I recently saw a program on HIstory Channel that claimed the phrase “more than one way to skin a cat” was coined in reference to catfish, not cats.

      I can’t vouch for the validity of this claim, but it’s fascinating how the origins of words get lost over time.

  • Maxi

    June and everyone else, don’t freak out.  The original phrase was “skin a cat*fish*.”  Often stores also ask for the last four of your social security number.  Give them a fake one of those, too.  To make it easy, just use the same fake zip and fake SSN each time.

  • Joe Robertson

    I think this woman should have taken this further and gone to the police and had the store manager arrested for being held kidnapping and being held hostage. I am serious. The manager closed and LOCKED the door so that this woman could not leave unless she provided her zip code. For the time that the doors were locked she was being held against her will. It does not matter if a kidnapper only has you for 10 seconds before you get away they are still charged with the crime. She should have this manager charged for the same crime.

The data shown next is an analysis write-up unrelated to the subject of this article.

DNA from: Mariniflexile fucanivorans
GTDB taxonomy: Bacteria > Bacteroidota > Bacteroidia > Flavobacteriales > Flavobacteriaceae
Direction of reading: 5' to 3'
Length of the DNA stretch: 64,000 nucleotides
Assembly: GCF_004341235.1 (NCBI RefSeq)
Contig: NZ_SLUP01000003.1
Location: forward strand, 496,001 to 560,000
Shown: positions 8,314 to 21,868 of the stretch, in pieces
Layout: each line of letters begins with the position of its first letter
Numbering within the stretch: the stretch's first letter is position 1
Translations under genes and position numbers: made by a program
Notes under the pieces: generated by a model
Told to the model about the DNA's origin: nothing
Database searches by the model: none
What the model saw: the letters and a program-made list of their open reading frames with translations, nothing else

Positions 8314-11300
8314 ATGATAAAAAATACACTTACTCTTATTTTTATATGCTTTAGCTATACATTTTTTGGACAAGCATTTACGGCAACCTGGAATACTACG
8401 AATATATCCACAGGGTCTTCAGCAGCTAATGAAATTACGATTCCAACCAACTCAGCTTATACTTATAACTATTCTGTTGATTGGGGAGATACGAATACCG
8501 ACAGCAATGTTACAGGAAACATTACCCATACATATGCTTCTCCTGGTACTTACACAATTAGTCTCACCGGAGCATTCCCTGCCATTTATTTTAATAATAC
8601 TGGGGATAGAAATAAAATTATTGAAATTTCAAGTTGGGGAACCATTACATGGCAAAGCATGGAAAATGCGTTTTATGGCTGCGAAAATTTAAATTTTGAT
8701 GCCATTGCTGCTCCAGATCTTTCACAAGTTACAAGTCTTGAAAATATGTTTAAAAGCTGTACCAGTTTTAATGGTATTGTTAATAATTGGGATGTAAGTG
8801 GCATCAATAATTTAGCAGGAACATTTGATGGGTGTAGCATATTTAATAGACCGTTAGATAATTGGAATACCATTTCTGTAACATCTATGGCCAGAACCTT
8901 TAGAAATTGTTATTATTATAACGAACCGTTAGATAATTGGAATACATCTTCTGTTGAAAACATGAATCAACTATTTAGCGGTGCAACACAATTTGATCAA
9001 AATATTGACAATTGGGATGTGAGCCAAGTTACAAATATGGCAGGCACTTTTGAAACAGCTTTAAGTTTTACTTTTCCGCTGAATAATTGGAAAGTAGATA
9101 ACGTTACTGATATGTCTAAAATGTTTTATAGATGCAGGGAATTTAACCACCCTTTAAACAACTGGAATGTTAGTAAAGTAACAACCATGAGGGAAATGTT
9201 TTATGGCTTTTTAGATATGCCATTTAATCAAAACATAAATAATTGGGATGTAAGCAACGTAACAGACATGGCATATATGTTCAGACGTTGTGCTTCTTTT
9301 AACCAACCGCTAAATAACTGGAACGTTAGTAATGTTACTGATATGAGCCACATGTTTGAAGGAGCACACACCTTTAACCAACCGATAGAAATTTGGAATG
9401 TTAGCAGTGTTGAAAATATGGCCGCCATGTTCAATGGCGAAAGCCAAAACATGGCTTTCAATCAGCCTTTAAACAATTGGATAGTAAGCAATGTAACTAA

• Anonymous

    Business and Ethics are incompatible by their very definition.

  • http://www.facebook.com/profile.php?id=588258905 Cheryl Lynn Elliott

    You are not the only persons who refuse to give out the list. What comes into our establishment stays there. Our eyes only and even then only qualified eyes.  

  • ken.

    i never give anyone any of my personal information ever. if they won’t take no then i give them fake information. i don’t use or even have any checks or credit cards, only cash.

    • Anonymous

      Good for you Ken, but you might find that harder to maintain looking forward.  Notice they’re trying to get us all paying for small value items electronically with mobile devices ?  They certainly are in the UK.

  • pogo46

    zip code is what the credit card machine will ask for to verify the card holder sometimes.

  • A Freespeechzone

    I’d call 911—the resulting lawsuit for ‘kidnapping’ would be sensational and result in damages that would no doubt change corporate policy.

  • wushi